School closures due to Covid lockdowns resulted in much lower rates of the mysterious fever that causes heart disease in kids, according to new research.
Cases of Kawasaki disease fell by 28 percent in 2020, and remained low during the peak pandemic period.
Masking mandates, less air pollution, and reduced circulation of respiratory viruses were thought to be the causes behind the phenomenon.
The numbers shed fresh light on the causes of the most commonly acquired heart disease in children.
Kawasaki disease (KD) affects hundreds of youngsters in the UK each year—about eight in every 100,000—and almost 6,000 children annually in the United States.
Senior author Dr. Jane Burns, director of the Kawasaki Disease Research Center at the University of California-San Diego Medical School (UCSD), said the pandemic provided “an incredible natural experiment” that researchers could take advantage of.
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KD continues to puzzle pediatricians, with its triggers and mode of entry into the body yet to be identified.
Unlike Covid-19, it is not contagious. But the discovery that precautions against coronavirus were an effective tool suggests it is inhaled into the upper respiratory tract.
The findings in JAMA Network Open Pediatrics could have a major impact on research and prevention.
When the pandemic began, UCSD was leading a multi-site clinical trial monitoring national KD cases between 2018 and 2020.
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Dr. Burns and colleagues combined this effort with additional data from San Diego to track KD incidence as the crisis progressed.
First author and UCSD Professor Jennifer Burney called it a “really interesting story”.
“We saw a huge decline in numbers, but unlike other respiratory illnesses during the shelter-in-place period, it didn’t disappear entirely, and the dynamics were not the same for all subsets of patients.”
Rates of KD are typically higher in male and Asian children, and these groups saw especially large drops in cases during the pandemic.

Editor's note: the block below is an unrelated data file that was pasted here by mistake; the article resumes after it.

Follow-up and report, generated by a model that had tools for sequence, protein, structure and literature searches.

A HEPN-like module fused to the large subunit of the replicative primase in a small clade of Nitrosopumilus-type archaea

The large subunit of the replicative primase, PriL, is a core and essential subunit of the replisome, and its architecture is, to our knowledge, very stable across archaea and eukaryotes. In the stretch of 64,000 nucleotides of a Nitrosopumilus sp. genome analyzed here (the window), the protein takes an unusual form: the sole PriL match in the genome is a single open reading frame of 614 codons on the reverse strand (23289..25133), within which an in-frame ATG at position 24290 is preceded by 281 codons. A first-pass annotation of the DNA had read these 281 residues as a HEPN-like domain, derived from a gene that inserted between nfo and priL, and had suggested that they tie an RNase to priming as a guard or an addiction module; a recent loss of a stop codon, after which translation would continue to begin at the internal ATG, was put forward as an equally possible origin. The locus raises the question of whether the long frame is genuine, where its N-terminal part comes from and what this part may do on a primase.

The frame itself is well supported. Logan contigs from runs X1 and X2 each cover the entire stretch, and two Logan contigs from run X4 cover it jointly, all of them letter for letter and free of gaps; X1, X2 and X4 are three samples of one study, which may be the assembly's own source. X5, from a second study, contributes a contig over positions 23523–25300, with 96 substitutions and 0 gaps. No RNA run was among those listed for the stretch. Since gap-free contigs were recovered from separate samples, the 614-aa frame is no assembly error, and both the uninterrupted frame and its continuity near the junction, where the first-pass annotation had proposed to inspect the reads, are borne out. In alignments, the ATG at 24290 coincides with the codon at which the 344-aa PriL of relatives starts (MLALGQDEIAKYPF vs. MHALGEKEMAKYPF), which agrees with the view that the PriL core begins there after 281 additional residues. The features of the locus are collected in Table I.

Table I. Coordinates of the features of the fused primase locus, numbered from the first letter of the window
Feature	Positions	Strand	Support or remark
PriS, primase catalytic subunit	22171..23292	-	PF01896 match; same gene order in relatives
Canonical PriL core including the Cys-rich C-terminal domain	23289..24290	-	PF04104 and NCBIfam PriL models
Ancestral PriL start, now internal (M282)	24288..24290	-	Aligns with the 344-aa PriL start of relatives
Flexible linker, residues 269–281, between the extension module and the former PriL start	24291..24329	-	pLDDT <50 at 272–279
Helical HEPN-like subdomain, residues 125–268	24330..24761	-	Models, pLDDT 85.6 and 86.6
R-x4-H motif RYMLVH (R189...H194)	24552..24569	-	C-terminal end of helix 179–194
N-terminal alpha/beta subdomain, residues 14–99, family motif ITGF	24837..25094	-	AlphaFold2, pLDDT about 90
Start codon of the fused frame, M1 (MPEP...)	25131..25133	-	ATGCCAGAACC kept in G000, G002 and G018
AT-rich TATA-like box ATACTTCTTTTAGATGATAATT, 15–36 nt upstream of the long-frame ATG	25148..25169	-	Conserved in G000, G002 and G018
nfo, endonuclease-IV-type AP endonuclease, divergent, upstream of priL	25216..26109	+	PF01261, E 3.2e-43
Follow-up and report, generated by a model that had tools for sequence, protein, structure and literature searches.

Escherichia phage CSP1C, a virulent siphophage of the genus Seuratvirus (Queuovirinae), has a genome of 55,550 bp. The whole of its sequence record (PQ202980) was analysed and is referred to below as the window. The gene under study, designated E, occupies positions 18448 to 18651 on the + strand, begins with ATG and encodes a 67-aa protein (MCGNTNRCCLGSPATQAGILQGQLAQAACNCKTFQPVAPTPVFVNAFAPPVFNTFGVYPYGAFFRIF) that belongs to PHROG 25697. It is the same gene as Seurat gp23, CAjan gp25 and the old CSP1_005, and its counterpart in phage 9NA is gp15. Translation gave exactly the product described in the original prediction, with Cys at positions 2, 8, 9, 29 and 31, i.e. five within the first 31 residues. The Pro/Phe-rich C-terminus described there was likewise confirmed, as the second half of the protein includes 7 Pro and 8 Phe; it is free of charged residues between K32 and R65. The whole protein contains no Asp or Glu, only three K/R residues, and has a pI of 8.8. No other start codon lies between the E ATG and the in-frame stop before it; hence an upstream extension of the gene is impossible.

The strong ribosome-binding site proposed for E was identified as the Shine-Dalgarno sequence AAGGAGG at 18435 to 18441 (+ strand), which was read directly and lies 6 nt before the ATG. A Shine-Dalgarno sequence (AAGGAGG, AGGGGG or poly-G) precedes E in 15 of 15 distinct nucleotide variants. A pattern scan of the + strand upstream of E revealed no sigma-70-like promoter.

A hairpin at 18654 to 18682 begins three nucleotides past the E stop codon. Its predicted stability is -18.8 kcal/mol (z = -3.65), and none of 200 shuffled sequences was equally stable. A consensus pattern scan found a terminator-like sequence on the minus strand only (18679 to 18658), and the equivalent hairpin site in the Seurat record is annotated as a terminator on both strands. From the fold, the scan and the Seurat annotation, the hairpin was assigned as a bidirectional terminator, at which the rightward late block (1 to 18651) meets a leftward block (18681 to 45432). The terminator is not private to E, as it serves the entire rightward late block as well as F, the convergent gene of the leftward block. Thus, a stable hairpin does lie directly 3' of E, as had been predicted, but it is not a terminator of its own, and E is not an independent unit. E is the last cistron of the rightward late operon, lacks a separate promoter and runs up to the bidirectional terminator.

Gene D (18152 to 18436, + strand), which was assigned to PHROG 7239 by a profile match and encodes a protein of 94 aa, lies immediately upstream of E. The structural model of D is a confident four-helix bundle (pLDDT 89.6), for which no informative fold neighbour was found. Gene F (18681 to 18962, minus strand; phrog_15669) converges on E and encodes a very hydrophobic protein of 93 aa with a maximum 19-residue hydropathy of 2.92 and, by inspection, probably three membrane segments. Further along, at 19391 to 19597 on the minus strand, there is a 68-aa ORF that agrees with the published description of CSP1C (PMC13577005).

Another group that saw a disproportionate decrease was children ages one through five. This was notable when compared to infants, who saw no significant change in KD rates during this time period.
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The reason is likely because infant behavior was not as significantly impacted by the pandemic. Typical activities and exposures for older children changed more dramatically in 2020.
The patterns suggest social behavior affects exposure to the agents that trigger KD, and are consistent with a respiratory portal of entry.
“Kawasaki disease may be caused by a virus, a pollutant, a microbial aerosol, or all of the above,” said Dr. Burns. “The fact the pandemic affected each age group differently supports the idea that there are multiple triggers of KD, and different children develop the disease after exposure to different ones.”
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KD causes inflammation in the walls of the blood vessels and affects mostly children under five. It can weaken arteries which supply the heart with blood. Symptoms include fever, rash, bloodshot eyes, and redness of the mouth, throat, hands and feet. When untreated, a quarter of patients develop coronary artery aneurysms that can lead to heart attacks, congestive heart failure, or—in three percent of untreated cases—sudden death.
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